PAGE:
BMC legacy for ancient painting

In classical antiquity, paintings were greatly admired. They were prominently displayed in prestigious buildings; in the Greek and Roman world, they might fetch astronomic prices; and great painters were lionized by society. Few have survived, but what is known about those that have is largely a legacy of Bryn Mawr scholars.

"Our present understanding of ancient painting depends fundamentally on the achievements of Bryn Mawr faculty and students," said Professor of Classical Archaeology Crawford H. Greenewalt, Jr., of the University of California at Berkeley, in providing a historical overview at the opening of the Mary Hamilton Swindler Ancient Painting Symposium. Speakers at the symposium, held March 25-26 at the University of Pennsylvania and Bryn Mawr College, were archaeologists on the cutting edge of discoveries and scholarship in ancient painting of the Mediterranean and Anatolian areas.

The symposium celebrated the memory of Mary Hamilton Swindler, Ph.D. '12, for her monumental and magisterial contribution of 1929, Ancient Painting from the Earliest Times to the Period of Christian Art. It simultaneously honored the notable achievements of Swindler's successor, Machteld J. Mellink, Professor Emerita of Classics and Near Eastern Archaeology and Leslie Clark Professor Emerita of Classics, for her discovery, cleaning, restoration and maintenance of two extraordinary painted tombs in southwest Turkey, near modern Elmali, at places locally called Kizilbel and Karaburun.

"Mary Swindler started a Bryn Mawr tradition," said Greenewalt, "which, in addition to Machteld, includes: Mabel Lang, Ph.D. '43, Paul Shorey Professor Emeritus of Greek, with her study and publication of Mycenean frescoes from Pylos; Sarah Immerwahr, Ph.D. '43, and her lifetime studies distilled in her book of a decade ago, Aegean Painting of the Bronze Age; Emily Townsend Vermeule '50, Ph.D. '56, whose course at Harvard on 'Ancient Painting and Drawing' is legendary; Jes Vorhees Canby '50, Ph.D. '59, who painstakingly recovered scattered fragments of Greek-style paintings at Gordion, in Central Turkey; Mary Koutroubaki Shaw, Ph.D. '67, with her work on late Bronze Age Aegean mural painting and painted relief; Ilknur Özgen, Ph.D. '82, with her studies of Anatolian costume, substantially based on painting and her publication of Archaic Anatolia painting in western Turkey; and Stella Miller-Collett, Ph.D. '71, Rhys Carpenter Professor of Classical and Near Eastern Archaeology, and her work on Hellenistic painting in Macedonia. To them add numberless associated Bryn Mawr faculty and students for their influential questions, ideas, comments and suggestions and the Bryn Mawr administration for encouragement and support, all of which fundamentally contributed to ancient painting studies in the extraordinary 'Crucible of Learning, Exchange and Creativity' that is Bryn Mawr College."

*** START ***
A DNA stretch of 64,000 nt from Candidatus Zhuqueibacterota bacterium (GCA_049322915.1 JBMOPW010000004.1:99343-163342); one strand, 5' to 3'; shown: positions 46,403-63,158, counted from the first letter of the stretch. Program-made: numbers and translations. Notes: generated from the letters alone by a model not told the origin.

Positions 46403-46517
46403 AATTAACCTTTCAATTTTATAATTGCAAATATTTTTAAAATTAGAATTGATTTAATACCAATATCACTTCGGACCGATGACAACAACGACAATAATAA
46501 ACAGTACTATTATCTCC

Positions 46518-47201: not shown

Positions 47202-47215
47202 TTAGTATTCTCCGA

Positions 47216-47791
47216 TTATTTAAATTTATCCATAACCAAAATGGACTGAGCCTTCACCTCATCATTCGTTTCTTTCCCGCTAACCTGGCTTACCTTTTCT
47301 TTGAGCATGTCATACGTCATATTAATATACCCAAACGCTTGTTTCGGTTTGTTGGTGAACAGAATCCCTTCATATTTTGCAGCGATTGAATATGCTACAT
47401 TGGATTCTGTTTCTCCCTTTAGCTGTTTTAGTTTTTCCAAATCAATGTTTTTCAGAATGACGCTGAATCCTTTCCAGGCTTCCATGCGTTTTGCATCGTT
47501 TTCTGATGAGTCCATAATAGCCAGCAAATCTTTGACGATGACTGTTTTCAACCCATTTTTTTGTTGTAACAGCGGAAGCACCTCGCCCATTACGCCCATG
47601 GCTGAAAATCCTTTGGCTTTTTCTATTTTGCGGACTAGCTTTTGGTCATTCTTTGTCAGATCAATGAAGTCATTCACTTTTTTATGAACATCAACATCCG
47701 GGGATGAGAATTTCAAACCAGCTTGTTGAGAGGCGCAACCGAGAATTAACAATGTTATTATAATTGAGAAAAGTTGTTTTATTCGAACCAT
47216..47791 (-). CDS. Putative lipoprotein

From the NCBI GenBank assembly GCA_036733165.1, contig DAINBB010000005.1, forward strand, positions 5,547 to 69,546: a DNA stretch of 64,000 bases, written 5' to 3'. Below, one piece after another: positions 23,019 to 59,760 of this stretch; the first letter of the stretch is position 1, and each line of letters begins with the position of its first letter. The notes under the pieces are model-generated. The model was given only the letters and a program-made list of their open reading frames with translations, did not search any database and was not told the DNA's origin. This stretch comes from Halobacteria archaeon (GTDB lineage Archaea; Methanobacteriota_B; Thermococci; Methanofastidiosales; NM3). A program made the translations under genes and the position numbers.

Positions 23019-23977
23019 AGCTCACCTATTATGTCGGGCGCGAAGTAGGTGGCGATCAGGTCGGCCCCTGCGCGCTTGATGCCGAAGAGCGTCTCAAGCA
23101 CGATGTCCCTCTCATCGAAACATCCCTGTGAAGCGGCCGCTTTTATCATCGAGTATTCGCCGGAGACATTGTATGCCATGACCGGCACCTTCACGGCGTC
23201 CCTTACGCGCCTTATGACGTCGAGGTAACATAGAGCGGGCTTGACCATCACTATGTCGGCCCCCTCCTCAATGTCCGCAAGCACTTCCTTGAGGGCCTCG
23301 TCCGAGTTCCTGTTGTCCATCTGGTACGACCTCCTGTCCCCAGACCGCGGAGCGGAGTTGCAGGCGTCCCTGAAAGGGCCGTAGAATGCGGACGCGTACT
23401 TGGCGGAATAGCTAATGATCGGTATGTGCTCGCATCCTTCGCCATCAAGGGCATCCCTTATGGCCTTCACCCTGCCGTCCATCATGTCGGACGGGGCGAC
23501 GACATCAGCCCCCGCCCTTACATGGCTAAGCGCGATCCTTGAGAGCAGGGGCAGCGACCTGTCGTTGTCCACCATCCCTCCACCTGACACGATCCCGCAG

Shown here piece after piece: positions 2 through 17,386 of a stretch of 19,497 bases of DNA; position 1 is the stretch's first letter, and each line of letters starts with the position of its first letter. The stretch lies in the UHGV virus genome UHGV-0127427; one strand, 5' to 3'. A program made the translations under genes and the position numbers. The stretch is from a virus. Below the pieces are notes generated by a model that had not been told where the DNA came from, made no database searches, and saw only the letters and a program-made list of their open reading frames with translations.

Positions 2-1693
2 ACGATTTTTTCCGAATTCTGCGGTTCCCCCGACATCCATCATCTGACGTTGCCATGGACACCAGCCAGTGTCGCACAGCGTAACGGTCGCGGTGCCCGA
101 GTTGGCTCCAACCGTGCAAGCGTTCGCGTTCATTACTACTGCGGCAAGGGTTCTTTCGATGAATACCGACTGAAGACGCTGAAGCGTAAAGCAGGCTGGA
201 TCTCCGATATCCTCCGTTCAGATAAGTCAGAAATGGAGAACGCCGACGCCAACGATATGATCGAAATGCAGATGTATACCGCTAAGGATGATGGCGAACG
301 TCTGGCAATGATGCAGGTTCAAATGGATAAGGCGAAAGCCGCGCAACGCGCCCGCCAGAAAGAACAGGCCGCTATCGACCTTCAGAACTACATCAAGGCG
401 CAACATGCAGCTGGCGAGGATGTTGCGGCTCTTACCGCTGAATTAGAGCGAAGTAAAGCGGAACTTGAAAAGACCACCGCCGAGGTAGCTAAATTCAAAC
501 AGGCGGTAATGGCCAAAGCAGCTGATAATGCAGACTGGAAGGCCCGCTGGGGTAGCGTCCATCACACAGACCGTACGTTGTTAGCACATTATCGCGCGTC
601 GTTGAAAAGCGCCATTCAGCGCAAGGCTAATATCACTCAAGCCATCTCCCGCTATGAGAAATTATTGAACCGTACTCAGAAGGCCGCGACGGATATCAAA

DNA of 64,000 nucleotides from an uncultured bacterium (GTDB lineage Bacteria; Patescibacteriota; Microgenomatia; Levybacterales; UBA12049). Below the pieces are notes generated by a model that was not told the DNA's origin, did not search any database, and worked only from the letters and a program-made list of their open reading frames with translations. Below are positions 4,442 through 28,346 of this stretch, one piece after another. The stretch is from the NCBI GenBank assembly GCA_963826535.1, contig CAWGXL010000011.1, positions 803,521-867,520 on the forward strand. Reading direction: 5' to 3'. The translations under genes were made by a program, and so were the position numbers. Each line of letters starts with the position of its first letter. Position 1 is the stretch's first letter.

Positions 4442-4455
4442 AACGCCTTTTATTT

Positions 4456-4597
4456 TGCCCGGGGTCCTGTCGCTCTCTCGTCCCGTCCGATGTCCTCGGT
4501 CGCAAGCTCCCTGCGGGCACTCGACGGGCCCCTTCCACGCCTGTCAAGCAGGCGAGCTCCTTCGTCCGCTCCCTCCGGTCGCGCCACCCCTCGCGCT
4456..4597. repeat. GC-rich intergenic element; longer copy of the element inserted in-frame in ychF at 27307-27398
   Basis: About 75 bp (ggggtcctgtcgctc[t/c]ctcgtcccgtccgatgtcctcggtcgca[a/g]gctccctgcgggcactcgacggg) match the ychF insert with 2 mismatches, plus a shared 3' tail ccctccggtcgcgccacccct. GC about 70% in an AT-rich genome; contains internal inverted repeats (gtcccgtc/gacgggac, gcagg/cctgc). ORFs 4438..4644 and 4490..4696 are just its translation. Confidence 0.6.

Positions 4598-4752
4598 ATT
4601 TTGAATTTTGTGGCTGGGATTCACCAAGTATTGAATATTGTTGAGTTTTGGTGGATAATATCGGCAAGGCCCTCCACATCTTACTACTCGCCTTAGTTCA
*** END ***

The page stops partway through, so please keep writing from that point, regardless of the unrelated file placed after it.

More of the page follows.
In his overview, Greenewalt reminded listeners that "the great privilege of discovery carries not only the task of recovery, often highly laborious and tedious... but also the essential obligation of maintenance, which inevitably involves continuous struggle, difficulties, frustration." Swindler and those who followed her set high standards in their efforts to ensure the continuing survival of the paintings.

Greenewalt pointed out that Swindler's study remains extremely valuable in spite of the "large quantity of illuminating material" that has been recovered subsequently. This new material "has the stimulating effect of forcing the re-thinking of traditional interpretations, another Bryn Mawr specialty, famously promoted in the teaching of Rhys Carpenter and Brunilde Ridgway," he said.

The symposium was sponsored by the Philadelphia chapter of the Archaeological Institution of America in collaboration with the University of Pennsylvania Museum, the Classical and Near Eastern Archeology Department of Bryn Mawr College, the Art History Department of Temple University, and the Center for Ancient Studies of the University of Pennsylvania.

Alumnae in the news

Fern Hunt '69 was one of 12 federal employees who received Arthur S. Flemming awards for achievement in public service. Winners are up-and-coming innovators, visionaries, leaders and entrepreneurs from across the spectrum of government.

Government Executive Magazine describes Hunt as "a gale force in the field of mathematics, affecting everything from the complex models used in weather forecasting to the type of kitchen sinks we buy." She has worked at the National Institute of Standards and Technology for almost a decade, doing extensive mathematical research on subjects ranging from probability to computational geometry.

Hunt has led efforts to develop probability methods that have helped scientists and engineers working on a variety of information storage devices, including disk drives and ATM cards. Working with engineers, she developed a statistical model measuring the durability of organic coatings that are critical in marketing everyday consumer products such as cars, kitchen sinks and computer screens. Along with a team of physicists and engineers, Hunt pioneered a system for rendering computer images that could have a major impact on the movie-making industry.

In the field of genetics, she has created software that measures and characterizes genetic sequence complexity. She is actively involved in the mathematical and scientific communities and has served as a mentor for summer students in the science magnet program at Montgomery Blair High School in Silver Spring, Md.

Sarah Jones '95 has written a new one woman show, "Women Can't Wait," in which she portrays eight women from around the world who each speak about the injustices done them. The show was commissioned by Equality Now to be performed at the United Nations for official delegates and nongovernmental representatives at an international conference being held five years after the world's largest gathering of women took place in Beijing in 1995. Equality Now is a New York-based organization that works with immigrants in the United States and women in poor countries to fight laws which limit women's rights and freedoms. Jones researched the ideas of real people, but created the characters of Praveen from India, Emeraude from France, Tomoko from Japan, Hala from Jordan, Alma from Uruguay, Bonita from the United States, Shira from Israel, and Anna from Kenya.

McBrides salute Susan Dean

At a party celebrating the retirement of Professor Susan Dean, McBride Scholars presented her with a portrait of Walt Whitman, subject of Dean's work-in-progress.